I've realized that I just don't enjoy kissing. I love to be close to the person, and I like quick pecks on the cheeks, lips, and neck, but I don't enjoy deeper kissing. I do it, but I always feel as if I'm doing it for the other person, not for me. Holding or being held by the person just does a lot more for me sexually. Is there something wrong with me? Am I abnormal? What can I say to my partner, and what can I suggest as a replacement?
What someone likes or doesn’t like, both in general and more specifically as it relates to pleasure, is an intensely personal thing. As much as we sometimes like to pretend this isn’t true, there just aren’t universals about certain activities that Every Single Person Ever absolutely loves, or things that everyone hates. In many ways life might be easier if sexuality, pleasure and relationships were that black and white, but the reality comes in all sorts of shades of gray. There are our personal preferences, desires and limits, all of which can shape our experiences of sexuality. Then there are also other factors, like the context of a relationship, the communication between partners, and outside events or circumstances that can shape how we’re feeling and what we’re into. There’s nothing inherently wrong with not really enjoying kissing. You don’t necessarily need to change anything about yourself to be a good partner or to be someone who gives and receives pleasure.
In many ways, I think that kissing can be a far more intimate experience than many other sexual activities, including things like intercourse that people would generally call pretty intimate. Not only are you physically really close to someone when you’re kissing, but the mouth is full of nerve endings and the site of such intense communication—whether put forth in words or gesture.
If your blah feelings about kissing are something that bother you, it might help to think about whether there’s something specific that you can identify about kissing that takes away from its appeal. If you have a specific preference about how it’s done, it’s important to communicate that with partners so they can help make things more pleasurable for you. For something that seems like it could be pretty intuitive, there’s a lot that goes into a kiss and plenty of things that can make or break how it feels.
Your relationship with the other person, your attraction to them and how the two of you communicate can all affect your experience of a kiss. Your own headspace, including whether you’re feeling stressed or worried (about the kiss itself or about anything else), is also a big piece of it.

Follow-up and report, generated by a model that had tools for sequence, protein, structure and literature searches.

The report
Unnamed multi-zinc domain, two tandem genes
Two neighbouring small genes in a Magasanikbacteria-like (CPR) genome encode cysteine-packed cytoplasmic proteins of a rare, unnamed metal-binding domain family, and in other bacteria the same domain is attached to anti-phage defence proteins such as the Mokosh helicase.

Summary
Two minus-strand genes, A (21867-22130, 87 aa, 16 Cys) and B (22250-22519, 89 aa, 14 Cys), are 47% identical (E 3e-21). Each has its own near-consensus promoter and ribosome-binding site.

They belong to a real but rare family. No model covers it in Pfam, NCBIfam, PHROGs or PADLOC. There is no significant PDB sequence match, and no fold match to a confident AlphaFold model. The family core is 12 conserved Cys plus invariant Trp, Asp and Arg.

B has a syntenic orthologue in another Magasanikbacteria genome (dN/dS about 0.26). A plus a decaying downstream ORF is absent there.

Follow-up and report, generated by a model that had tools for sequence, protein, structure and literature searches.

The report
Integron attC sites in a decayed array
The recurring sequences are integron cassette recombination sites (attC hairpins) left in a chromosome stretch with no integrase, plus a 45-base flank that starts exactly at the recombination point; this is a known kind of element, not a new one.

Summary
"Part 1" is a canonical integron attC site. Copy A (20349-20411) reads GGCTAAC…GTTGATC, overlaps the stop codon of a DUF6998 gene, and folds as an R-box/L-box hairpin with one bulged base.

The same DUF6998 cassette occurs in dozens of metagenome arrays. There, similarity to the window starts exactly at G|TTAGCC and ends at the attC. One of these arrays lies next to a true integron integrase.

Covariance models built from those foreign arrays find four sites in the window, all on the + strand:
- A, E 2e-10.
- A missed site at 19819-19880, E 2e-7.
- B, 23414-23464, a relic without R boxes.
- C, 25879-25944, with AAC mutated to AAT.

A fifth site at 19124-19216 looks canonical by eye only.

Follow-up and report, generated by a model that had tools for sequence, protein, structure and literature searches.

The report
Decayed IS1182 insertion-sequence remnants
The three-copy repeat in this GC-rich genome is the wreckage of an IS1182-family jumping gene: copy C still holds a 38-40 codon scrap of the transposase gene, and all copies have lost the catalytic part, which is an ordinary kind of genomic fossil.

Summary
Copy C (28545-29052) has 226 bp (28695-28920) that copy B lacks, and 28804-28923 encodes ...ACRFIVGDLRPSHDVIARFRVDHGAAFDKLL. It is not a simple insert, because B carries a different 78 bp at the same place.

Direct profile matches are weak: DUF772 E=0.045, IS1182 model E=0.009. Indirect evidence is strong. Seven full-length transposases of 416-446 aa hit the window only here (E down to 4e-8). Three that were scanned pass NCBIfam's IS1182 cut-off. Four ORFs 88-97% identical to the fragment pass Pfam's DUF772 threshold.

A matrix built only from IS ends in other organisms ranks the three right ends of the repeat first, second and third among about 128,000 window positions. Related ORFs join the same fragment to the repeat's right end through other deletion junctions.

But let’s say that there’s nothing identifiably wrong in a situation. You’re feeling the attraction. You and your partner have open and honest communication. There’s no stress or pressure to perform. You feel safe. You feel good about yourself…and the kiss still sucks. It could happen.
And, you know, OK. It’s happened. The question now is what to do about it. I don’t think that it’s ever helpful to view relationships in terms of task lists or chores. So if you’re focusing only on this issue and trying to “fix” or “solve” it one way or another, chances are it’s going to be hard to be fully present—both with yourself and with your partner. Sharing intimacy in any form should be something that’s enjoyable for everyone involved, not something that turns into a point of contention or shame for anyone involved. When we focus so much on one little piece of a relationship or an interaction it can be hard to see the bigger picture or to feel good about what’s happening.
If you know for sure that you’re not really into kissing and aren’t into exploring that any more for yourself, that’s perfectly cool. As with any aspect of our sexuality or emotions, there’s no way for someone else to automatically know that information unless we tell them. I think it’s fine (actually, desirable) for you to let any partners know that kissing isn’t really what you enjoy or feel turned on by. You listed other things, like cuddling, that give you more satisfaction. The thing is, everyone is different. In any relationship—no matter how compatible the people are—there will be things about which they disagree. I think that there’s huge power in being up front about what you’re feeling. When we own our own feelings, there’s less risk (though there’s always some) that our partners will take something really personally or feel like they did something wrong. What do you think might happen if you simply said, “Hey, kissing isn’t something I’m into but I’d love to [fill in the blank with whatever feels preferable to you]”?